Chris, again, congratulations on attracting the attention of the big dog with your paper.
A while back I had asked Krashen a simple question. I asked him how he would describe his own work. I wanted to hear what he would say is the simplest way to conceptualize his work. He wrote back:
It’s not about people, it’s about ideas.
A newspaper man tracked down Pierre and Marie Curie’s vacation cottage. He found a plain-looking woman sitting outside.
“Are you the housekeeper?” he asked?
“Is your mistress inside?”
Will she be back soon?“ I don’t think so.”
“Can you tell me something confidential about your mistress?” he asked?
“Madame Curie has only one message that she likes to give to reporters,” said Marie Curie. “That is: be less curious about people and more curious about ideas.”
[From: Little, Brown Book of Anecdotes, Clifton Fadiman, ed.]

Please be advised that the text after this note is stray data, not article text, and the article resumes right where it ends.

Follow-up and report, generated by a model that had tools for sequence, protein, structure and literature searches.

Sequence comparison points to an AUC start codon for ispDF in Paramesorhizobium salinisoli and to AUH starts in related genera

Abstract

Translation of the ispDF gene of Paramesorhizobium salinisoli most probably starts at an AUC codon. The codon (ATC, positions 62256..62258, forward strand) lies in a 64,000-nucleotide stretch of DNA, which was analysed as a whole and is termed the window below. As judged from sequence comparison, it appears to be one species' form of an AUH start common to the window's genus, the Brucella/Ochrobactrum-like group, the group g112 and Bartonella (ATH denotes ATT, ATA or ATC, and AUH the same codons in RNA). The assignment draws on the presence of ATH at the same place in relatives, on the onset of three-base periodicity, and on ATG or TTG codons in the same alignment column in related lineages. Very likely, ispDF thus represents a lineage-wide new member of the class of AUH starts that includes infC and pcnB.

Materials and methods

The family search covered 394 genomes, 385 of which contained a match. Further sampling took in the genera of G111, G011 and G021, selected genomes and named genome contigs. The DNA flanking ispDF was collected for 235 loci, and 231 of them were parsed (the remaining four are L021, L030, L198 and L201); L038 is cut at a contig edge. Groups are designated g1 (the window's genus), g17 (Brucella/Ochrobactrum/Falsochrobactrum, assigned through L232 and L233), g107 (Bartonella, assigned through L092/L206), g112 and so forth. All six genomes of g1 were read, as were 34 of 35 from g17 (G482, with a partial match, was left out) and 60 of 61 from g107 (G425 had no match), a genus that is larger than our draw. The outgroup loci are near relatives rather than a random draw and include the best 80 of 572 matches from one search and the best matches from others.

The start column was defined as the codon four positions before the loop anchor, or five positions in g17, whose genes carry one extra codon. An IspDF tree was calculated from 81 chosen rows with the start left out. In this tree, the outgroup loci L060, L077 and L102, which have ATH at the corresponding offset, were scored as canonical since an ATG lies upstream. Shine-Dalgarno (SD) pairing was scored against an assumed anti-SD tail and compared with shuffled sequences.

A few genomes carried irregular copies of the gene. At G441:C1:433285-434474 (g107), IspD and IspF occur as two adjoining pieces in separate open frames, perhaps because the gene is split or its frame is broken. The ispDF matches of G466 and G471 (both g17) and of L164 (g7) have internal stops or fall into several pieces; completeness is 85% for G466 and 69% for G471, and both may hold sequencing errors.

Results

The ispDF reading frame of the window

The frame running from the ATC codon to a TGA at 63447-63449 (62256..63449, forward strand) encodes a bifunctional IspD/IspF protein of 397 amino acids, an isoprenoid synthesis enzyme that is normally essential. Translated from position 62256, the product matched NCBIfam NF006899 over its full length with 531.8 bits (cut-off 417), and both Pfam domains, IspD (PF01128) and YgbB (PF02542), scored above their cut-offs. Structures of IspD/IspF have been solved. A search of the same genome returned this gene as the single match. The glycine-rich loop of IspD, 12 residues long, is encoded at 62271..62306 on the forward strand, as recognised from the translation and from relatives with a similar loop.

In fact, Krashen deserves more and more real field support of the core ideas that make up his work. He needs more, much more. I’m sure he didn’t publish those 900 articles just to keep it all in the realm of resesarch, and to have people bandy about his work in a half assed way as is happening now, for lack of papers like yours.
As you know, I have a suspicious side that the vast majority of teachers claim to understand but do not understand Krashen’s work, failing badly to put it into practice in our school environments in such a way that his findings would best be utilized for us in schools. Sometimes, I wonder if it can be done in a really effective way, in a way that brings real change to our schools.
Do we really grasp the full impact and meaning and application of what Dr. Krashen has done? Where might your study, and others like it, eventually take us? Where might our work in our classrooms, a nice balance to Krashen’s more theoretical work which we in TPRS/TCI are each testing daily in our classrooms, eventually take comprehensible input?